an orange and green peppercorn sauce.  The duck, first and foremost was perfectly cooked.  Moist, well flavored, the skin perfectly salted- when duck is done well it is a work of art.  This dish had all the classic components of Sunday night dinner, but like you've never had before.  The truly incredible piece here was the sauce- where there was spice and natural sweetness that enhanced the rest of the dish.

The team paired this with a Cabernet Franc from the Loire Valley.  The Couley-Dutheil Clos de l'Echo from 2009.  Cab Franc is one of those fantastic lesser known grapes.  It packs in flavor of black fruits- plums and blackberries, cassis...all with light body and high acidity.  Its an easy pairing wine and here, with the aging it had fantastic tobacco notes.  I loved the mix here- the earthy qualities presenting in the wine with the bright beautiful flavors of the sauce and dish.  

We ended the evening with a pumpkin cremeux topped with candied dahlia
root and a Canadian heirloom blood diamond cake with apple gelee and carrot caramel.  The idea of dhalia root and carrot being so artfully incorporated into our dessert is exactly what is so beautiful about these dinners.  Its a perfect marriage of local produce with classic fall flavors.   It was a perfect sweet treat to end the meal.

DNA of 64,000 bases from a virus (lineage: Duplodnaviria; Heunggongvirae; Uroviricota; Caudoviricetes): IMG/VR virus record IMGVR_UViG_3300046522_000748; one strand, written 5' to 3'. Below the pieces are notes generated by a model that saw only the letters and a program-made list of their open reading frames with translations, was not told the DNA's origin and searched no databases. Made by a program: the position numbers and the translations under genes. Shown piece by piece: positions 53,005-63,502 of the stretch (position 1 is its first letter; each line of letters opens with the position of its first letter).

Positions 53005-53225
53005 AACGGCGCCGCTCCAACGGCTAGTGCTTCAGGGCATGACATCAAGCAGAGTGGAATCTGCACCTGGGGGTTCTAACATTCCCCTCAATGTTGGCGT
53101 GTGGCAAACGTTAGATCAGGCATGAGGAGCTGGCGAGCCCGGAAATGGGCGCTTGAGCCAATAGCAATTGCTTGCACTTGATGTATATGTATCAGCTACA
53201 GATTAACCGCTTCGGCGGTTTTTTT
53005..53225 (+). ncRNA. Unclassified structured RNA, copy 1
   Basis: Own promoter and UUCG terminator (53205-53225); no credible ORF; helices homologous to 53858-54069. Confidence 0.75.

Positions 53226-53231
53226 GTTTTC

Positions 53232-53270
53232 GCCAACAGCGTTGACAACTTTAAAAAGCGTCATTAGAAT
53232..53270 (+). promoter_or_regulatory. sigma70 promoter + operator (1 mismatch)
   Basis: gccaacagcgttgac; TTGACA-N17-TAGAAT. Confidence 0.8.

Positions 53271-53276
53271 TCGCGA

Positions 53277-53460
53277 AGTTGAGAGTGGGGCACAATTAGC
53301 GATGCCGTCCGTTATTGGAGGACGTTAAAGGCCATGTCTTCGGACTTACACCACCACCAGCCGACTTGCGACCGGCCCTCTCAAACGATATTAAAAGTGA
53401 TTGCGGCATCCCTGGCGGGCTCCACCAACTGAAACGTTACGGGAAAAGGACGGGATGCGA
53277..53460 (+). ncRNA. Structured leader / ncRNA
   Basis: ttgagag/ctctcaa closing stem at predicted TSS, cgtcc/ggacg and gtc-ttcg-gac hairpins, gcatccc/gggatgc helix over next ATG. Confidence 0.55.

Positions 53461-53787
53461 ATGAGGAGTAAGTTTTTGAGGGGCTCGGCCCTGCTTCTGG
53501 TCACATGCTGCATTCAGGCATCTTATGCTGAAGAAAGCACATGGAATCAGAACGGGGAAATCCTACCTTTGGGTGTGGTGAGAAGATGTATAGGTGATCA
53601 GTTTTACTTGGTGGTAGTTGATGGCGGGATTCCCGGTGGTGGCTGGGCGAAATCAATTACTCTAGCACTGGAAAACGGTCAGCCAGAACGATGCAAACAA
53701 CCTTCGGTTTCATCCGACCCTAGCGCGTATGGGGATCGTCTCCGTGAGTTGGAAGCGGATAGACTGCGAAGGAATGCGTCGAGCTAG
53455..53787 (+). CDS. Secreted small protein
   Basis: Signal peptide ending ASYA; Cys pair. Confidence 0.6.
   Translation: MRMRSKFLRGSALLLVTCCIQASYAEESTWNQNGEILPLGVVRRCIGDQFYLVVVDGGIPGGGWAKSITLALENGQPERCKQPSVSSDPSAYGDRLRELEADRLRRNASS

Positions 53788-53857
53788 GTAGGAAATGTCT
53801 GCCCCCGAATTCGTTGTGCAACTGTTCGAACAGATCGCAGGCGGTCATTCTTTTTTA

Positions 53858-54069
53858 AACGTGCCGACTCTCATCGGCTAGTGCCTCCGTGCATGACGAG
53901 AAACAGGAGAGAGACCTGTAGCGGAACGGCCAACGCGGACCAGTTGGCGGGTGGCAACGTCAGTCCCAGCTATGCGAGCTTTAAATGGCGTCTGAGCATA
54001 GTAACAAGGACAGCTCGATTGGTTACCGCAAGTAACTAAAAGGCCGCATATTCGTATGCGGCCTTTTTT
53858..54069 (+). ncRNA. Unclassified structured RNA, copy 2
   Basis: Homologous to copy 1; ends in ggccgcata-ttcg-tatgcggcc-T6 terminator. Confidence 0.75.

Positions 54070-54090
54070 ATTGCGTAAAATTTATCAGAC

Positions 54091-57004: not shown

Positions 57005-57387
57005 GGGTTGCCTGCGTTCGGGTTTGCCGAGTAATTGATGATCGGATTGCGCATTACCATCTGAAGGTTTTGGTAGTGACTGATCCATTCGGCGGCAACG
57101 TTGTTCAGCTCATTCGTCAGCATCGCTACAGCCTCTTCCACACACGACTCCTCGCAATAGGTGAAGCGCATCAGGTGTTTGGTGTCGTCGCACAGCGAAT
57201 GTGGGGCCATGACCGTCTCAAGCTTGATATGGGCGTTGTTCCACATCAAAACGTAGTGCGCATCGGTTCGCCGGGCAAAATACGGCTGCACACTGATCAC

Post 390 hosts these incredible evenings all throughout the year, with details appearing on their website.  I've had the great fortune to attend a few of these dinners and have walked away each time feeling unbelievably lucky to have sat a midst the company I did, and enjoy the food that they cultivated.  Its a phenomenal experience.   

Thursday, November 13, 2014

How Is Wine Flavored? What's the Deal with Terroir?

One of the most commonly asked questions that I'm asked during tours with City Wine Tours, is how do they get those flavors into wine?   My latest installment of A Boston Food Diary: Decanted explores that very question!

Wednesday, October 22, 2014